It’s all about education, funding, and incentives. If there was a buffer zone program that would give an equivalent of what they would produce in acreage on soybeans, it would be a minimal amount. But there’s never been anything that would provide funding for buffers, and it will always be an issue until we get to that point.
A: That’s an easy yes because our city limits are Dyersburg, but our drainage basins go into neighboring counties. The water doesn’t care if you’re inside or outside the city limits. It just cares where downhill is. That’s why it’s important to have some type of regional approach and for there to be dialogue between the areas so it’s collaborative. For instance, there’s a big flood resilience project in Madison County, about 42 miles from Dyersburg. And we were very excited when that got funded because they’re going to reclaim some wetlands and put storage back into the drainage basin, which is upstream of us and can manage some of the runoff coming out the city of Jackson. That helps us because then we’re not getting the stormwater rushing down the river and getting to us as quickly.
A: It’s going to take lawmakers getting educated and creating more incentives and programs to maintain flood resilience. We can’t stop the rain from coming; we can’t build levees everywhere. The only solution is to maximize how much water gets absorbed through plantings and other green infrastructure and to reduce the sediment going into our tributaries, so the water can leave.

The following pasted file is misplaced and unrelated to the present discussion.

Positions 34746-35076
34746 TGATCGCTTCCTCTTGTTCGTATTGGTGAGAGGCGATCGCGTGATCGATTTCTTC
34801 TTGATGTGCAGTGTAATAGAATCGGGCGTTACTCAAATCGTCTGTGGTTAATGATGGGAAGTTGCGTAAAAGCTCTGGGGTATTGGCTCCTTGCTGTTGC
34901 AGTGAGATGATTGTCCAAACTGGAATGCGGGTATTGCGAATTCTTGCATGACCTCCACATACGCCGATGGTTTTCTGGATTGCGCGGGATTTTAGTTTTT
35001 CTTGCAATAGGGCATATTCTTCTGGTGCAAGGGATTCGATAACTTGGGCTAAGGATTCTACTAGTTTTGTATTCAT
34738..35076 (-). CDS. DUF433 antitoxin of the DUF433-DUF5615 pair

The state can really help communities that don’t have the know-how or staff to plan better. Dyersburg has a part-time city engineer, which puts us in a better position than any other city in west Tennessee, besides Jackson; nobody else has a city engineer. Engineers are not cheap, and a lot of small towns can’t afford one. Local engineers also maybe haven’t done a lot of work outside their town and may not know about new regulations, new technologies, or grant opportunities. The state can give towns resources to help answer questions about flood maps or levees or repeated flooding. All cities would be better off with more information and advice from the state.
A: It would be a boost to the economy, and that benefits everybody. We would have more marketable land. We can’t make the flood not happen, but we want to lower its impact. The areas most impacted by flooding are the poorest parts of Dyersburg; they are the people that can’t afford to leave or recover. A town lives and dies by how its lowest-income residents live, so if we could improve the resiliency of Dyersburg, then there’s the possibility to bring up the poorest parts of our town. From a flood perspective, resilience is really important for our future. There was a time when I thought there was no hope, but with the problem being so widespread now throughout the country, people are turning their attention to it, and, in our town and across our state, we know we’re going to have to do a better job.